What's The Deal: What to do if your flight is canceled

We all know what canceled flights look like: crowded terminals and passengers, sleeping on the floor. But do you know what to do if your holiday plans are grounded?

Our friends at MoneyTalksNews share some steps you need to know.

First, before you fly, get the airline's app and sign up for flight alerts: the sooner you learn of a problem, the better.

Another useful tool? AirHelp.

The passenger's rights website allows you to check if you're eligible to receive compensation for a delay or cancelation.

If you are, they'll even help file a claim on your behalf.

Next, as soon as you learn your flight is canceled, hit two lines: the one at the customer service counter, and your phone line: call their 800 number.

Your goal is to get re-booked on your current carrier or maybe another one.

Now, airlines aren't required to book you on another airline. But some will, if you ask.

And when you're doing this, be as flexible as you can.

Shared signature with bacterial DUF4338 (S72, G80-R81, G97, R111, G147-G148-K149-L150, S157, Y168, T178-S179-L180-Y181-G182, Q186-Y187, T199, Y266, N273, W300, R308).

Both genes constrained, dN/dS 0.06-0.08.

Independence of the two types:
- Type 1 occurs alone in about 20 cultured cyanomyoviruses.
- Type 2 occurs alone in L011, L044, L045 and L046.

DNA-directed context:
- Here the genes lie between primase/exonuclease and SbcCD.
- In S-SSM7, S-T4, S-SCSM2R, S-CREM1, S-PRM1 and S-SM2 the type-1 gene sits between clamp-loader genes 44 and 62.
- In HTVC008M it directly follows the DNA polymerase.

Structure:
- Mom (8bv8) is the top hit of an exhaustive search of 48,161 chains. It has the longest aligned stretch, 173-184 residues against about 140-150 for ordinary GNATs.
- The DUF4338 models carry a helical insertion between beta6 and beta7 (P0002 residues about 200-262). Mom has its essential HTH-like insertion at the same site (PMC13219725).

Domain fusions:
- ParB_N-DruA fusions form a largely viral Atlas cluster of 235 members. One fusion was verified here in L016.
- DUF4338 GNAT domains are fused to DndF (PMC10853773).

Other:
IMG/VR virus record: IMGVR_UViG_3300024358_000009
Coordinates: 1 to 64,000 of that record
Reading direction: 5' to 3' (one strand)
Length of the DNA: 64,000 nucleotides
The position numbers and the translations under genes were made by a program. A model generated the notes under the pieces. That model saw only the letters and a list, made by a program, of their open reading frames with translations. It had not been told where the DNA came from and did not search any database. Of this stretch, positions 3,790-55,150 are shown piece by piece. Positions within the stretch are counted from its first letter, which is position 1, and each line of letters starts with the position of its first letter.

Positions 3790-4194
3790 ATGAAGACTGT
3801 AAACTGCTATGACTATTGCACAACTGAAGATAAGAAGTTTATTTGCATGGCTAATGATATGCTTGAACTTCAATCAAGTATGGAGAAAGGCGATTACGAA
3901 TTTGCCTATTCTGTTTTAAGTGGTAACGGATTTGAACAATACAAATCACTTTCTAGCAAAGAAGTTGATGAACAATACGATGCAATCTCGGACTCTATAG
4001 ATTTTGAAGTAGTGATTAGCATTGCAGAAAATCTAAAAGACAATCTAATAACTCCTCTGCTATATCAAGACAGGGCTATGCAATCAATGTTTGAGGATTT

Try other airports close to where you are and other airports where you're going.

A last resort is a refund.

Then there's alternate transportation.

Check Amtrak, buses, even rental cars.

Before you head for the rental car counter, be sure and ask about fees for dropping off in distant cities, or additional mileage charges.

Next, be aware if your flight is canceled due to weather or something else beyond the airline's control, they're not required to pay for your hotel, your meal, or other expenses.

But it never hurts to ask, since the airline will usually give out vouchers if they're authorized to.

Also, in the event of a mechanical delay, the airline will typically cover meal, transportation, and lodging costs... just check for specifics in your contract.

Another tip?

Make sure to check for any built-in travel benefits from your credit card issuer-- if you booked with your card.

Finally, if you're traveling overseas... be sure to familiarize yourself with their regulations.

For example, in Europe you may be entitled to compensation if you land more than three hours after your original arrival time.

Experts also say you should keep all travel documents, like boarding passes, if you're making a claim.

And one more tip?

Turn to social media.

Most airlines have a team on Twitter and Facebook, ready to help passengers when they don't want to wait on hold.
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